The model that we developed not only sheds light on the regulatory mechanism of NK cell-related genes in HCC, but also has the potential to advance our understanding of immunotherapy for HCC. With its strong predictive capacity, our model may prove useful in evaluating the prognosis of patients and guiding clinical decision-making for HCC patients.

Peer Review reports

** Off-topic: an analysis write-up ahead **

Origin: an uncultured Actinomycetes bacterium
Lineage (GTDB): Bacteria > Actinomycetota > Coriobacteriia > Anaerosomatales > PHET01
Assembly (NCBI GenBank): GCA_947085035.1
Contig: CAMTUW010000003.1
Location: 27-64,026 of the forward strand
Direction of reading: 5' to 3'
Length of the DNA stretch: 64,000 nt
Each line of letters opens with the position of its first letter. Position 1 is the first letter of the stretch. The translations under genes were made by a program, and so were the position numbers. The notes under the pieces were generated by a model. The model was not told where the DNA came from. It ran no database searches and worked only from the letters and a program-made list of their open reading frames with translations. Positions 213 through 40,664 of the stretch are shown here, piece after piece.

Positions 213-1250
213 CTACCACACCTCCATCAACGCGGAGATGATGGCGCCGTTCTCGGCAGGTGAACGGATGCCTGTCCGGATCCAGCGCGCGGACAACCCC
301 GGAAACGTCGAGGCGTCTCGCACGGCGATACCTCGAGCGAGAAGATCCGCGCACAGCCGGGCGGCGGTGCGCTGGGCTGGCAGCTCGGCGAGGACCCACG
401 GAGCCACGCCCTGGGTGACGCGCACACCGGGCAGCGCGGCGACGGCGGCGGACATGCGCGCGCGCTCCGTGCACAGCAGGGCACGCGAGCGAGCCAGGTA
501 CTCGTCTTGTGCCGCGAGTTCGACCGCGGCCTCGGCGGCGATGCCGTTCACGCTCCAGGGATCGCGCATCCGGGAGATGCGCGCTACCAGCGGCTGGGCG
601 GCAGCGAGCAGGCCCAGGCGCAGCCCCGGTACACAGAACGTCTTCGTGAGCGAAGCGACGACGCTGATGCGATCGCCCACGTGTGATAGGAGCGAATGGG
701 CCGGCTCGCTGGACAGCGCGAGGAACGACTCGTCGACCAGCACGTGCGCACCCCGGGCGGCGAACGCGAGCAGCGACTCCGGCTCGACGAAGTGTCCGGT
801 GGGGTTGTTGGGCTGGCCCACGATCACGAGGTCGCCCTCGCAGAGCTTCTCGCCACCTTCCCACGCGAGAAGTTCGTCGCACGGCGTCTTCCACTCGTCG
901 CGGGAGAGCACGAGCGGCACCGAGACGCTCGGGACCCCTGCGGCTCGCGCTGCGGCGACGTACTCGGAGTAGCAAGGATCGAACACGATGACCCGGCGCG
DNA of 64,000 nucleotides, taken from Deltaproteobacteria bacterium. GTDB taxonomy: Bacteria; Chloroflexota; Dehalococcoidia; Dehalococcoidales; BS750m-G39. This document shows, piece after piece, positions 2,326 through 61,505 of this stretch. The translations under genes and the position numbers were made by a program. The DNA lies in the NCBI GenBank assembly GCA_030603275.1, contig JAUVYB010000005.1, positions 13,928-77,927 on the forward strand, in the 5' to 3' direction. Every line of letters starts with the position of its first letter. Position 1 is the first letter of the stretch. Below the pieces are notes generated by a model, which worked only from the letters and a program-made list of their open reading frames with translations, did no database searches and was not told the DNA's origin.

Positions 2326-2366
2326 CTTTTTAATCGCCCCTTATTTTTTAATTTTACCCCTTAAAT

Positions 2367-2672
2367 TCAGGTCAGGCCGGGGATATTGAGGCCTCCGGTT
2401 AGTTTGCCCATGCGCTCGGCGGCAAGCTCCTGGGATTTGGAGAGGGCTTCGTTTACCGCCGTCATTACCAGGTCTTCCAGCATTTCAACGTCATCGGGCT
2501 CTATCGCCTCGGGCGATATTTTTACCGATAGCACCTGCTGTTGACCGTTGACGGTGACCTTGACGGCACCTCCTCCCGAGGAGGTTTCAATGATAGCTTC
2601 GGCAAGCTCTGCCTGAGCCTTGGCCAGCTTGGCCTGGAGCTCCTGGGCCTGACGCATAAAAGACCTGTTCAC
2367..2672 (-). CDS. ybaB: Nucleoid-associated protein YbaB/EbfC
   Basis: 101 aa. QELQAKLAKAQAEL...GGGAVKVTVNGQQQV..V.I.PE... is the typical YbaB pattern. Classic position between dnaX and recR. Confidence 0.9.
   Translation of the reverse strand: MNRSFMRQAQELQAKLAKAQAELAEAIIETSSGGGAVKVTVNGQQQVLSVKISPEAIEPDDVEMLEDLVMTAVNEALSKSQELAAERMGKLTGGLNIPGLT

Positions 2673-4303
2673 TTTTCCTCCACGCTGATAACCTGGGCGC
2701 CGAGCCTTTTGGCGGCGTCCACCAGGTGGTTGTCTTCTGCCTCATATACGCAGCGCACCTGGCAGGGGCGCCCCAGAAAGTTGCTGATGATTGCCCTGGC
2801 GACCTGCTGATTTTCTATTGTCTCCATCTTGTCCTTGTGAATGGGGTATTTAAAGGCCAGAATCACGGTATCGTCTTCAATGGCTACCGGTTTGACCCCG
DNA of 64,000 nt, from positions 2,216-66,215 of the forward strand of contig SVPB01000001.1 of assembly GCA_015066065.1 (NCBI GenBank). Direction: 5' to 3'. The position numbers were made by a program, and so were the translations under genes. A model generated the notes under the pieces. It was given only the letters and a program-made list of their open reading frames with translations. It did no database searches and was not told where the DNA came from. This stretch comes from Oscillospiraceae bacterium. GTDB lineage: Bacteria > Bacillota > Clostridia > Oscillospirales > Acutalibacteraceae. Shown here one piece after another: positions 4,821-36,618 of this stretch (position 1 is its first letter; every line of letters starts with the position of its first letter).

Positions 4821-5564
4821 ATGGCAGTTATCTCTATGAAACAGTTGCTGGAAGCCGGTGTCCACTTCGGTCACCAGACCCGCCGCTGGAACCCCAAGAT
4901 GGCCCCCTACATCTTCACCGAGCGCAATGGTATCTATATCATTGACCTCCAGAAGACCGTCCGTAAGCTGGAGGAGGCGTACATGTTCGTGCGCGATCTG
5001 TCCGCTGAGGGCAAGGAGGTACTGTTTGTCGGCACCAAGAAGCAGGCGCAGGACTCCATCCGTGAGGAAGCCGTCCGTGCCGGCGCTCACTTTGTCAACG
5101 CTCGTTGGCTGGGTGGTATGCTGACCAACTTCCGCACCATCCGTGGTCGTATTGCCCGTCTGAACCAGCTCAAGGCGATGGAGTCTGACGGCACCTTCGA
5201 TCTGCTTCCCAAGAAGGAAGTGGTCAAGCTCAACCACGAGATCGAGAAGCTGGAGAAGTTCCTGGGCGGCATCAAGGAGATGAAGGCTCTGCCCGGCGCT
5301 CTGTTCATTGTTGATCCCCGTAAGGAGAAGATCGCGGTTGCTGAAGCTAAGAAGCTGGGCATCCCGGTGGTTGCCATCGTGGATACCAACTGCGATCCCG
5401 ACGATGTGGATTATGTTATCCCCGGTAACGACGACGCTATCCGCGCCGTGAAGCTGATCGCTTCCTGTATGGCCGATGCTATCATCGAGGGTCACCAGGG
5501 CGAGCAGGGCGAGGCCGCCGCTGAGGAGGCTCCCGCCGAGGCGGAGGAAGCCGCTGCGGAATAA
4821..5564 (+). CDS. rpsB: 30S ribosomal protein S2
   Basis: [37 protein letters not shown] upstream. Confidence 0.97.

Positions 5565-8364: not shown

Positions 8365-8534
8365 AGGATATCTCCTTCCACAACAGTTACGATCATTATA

Hepatocellular carcinoma represents the most prevalent form of malignant liver tumors in adults. Recent global cancer statistics indicate that primary liver cancer ranks as the sixth most frequently diagnosed cancerous condition, while simultaneously holding the second highest mortality rate [1]. At present, surgical resection and liver transplantation are considered the primary treatment options for liver cancer. However, the stealthy onset and rapid progression of liver cancer often result in late-stage diagnoses and metastases, making it challenging to treat [2]. Later stage diagnosis and metastasis often accompany liver cancer in many patients [3]. Despite the promising progress and widespread use of targeted therapy [4], the overall survival rate of patients with HCC has remained largely unchanged due to drug resistance and adverse effects associated with this treatment modality. Therefore, there is an urgent need to study new treatment targets and biomarkers to better improve the prognosis of patients. NK cells are important immune cells in the body [5]. Compared to B cells and T cells, NK cells have the unique ability to kill tumor cells in a nonspecific manner, without requiring prior sensitization [6]. NK cells play a crucial role in the immune response against tumors by effectively eliminating cancer cells [7]. Furthermore, NK cells can also play an important indirect immune-mediated role by cooperating with other innate immune cells to regulate the immune status and function of the body. They secrete various chemokines and cytokines that enhance immune defense and help to maintain the immune balance of the body [8]. Therefore, it is considered a potential target for cancer immunotherapy [9]. In recent years, immunotherapy, as the fourth treatment after surgery, radiotherapy, and chemotherapy, has been gradually applied to clinical practice [10]. In addition to the focus on chimeric antigen receptor T-cell (CRT-T) therapy, NK cell-based immunotherapy has emerged as a novel approach for treating both solid and hematologic tumors [11]. It has been reported that NK cell immunotherapy has greatly improved the adverse reactions and survival time of patients with liver cancer, which can effectively improve the quality of life of patients [12]. Currently, the significance of NK cell-related genes in the prognosis of HCC patients is not well understood. Thus, this study aims to conduct a comprehensive analysis of the relationship between the expression of genes associated with NK cells and the prognosis of HCC patients.